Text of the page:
Why a Pest Calendar Makes Sense


Editor’s note: TURF magazine announces "T&0 Science Brief" a new quick-read featurette in each issue of the TURF enewsletter. Don’t miss "T&O Science Brief," which will offer great information on turf & ornamental care that you can share with your team.

If you maintain clients’ turf and ornamentals you’re well aware of the damage that diseases and certain insects can do to the lawns and valuable plants. You can, make your job easier, use less product and get better results by developing a pest control calendar, writes John Fech, in the January issue of Superintendent magazine.

As any experienced green pro knows, certain pest problems (insects, diseases or weeds) tend to show up every year if conditions are favorable. Often these problems manifest themselves in the same location or on specific plants or species of plants.

it’s a bad idea to guess when making applications in an attempt to control these pest outbreaks. Pesticide applications made a week too late or two early are often ineffective in controlling these pests, says Fech, an extension educator at the University of Nebraska-Lincoln.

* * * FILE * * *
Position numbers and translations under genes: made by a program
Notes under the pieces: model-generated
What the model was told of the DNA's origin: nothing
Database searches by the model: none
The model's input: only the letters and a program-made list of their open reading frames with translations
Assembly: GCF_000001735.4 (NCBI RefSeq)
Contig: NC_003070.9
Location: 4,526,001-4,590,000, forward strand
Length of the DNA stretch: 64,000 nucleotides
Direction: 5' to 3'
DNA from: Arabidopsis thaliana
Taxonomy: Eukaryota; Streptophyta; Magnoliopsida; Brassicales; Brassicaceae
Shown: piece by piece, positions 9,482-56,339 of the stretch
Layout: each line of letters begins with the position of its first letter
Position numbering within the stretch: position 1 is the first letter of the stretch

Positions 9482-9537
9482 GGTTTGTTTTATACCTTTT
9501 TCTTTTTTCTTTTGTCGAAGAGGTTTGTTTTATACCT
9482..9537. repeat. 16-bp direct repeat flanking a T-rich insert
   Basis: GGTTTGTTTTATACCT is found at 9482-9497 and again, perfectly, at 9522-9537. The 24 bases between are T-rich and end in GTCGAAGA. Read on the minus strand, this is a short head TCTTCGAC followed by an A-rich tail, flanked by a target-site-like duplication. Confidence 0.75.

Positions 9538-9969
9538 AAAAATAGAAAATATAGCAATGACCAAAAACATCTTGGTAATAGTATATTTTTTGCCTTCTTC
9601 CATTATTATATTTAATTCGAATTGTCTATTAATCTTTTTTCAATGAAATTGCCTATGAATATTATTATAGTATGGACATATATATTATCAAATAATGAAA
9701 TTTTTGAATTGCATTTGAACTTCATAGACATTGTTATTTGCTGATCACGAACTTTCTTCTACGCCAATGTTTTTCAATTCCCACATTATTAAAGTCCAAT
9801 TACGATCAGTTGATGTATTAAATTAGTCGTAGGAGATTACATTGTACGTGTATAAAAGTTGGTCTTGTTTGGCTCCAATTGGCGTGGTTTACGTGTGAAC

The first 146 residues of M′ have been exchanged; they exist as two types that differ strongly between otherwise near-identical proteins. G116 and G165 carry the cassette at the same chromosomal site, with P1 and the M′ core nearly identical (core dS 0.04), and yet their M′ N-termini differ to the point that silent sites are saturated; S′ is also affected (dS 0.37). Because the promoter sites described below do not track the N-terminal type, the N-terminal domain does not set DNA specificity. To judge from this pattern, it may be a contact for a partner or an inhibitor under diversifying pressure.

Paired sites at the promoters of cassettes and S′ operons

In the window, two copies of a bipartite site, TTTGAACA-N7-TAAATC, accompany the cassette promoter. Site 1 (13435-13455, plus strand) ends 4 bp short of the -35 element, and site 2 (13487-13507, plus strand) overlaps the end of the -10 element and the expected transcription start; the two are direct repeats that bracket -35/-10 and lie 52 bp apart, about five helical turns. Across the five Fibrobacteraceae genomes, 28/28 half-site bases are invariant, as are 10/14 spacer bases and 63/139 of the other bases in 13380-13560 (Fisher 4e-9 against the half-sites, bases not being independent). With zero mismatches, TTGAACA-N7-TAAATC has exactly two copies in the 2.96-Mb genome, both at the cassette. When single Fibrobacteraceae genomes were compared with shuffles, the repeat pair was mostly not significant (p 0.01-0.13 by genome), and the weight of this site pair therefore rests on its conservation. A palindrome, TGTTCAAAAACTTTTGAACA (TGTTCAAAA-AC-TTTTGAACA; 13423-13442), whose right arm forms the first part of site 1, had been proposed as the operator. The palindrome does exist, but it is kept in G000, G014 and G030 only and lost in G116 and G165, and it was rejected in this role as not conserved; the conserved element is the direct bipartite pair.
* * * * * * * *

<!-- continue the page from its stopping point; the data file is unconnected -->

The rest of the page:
Start this spring to maintain a record of pest breakouts on the properties that you maintain from year to year. You’ll start seeing  patterns that will be very helpful to you and to your technicians. Adopt the Boy Scout motto: Be Prepared. Knowing what you can expect in terms of pests and possible pest damage before it arrives is powerful information.

Also, take advantge of the great seasonal info available from your nearest land grant university.Cooperative extension specialists at these institutions track regional pest outbreaks and offer free updates on preventing or managing them. 

Click on Fech’s "Keeping Track Means Being Informed" to read the entire article that appeared in the January issue of  Superintendent magazine.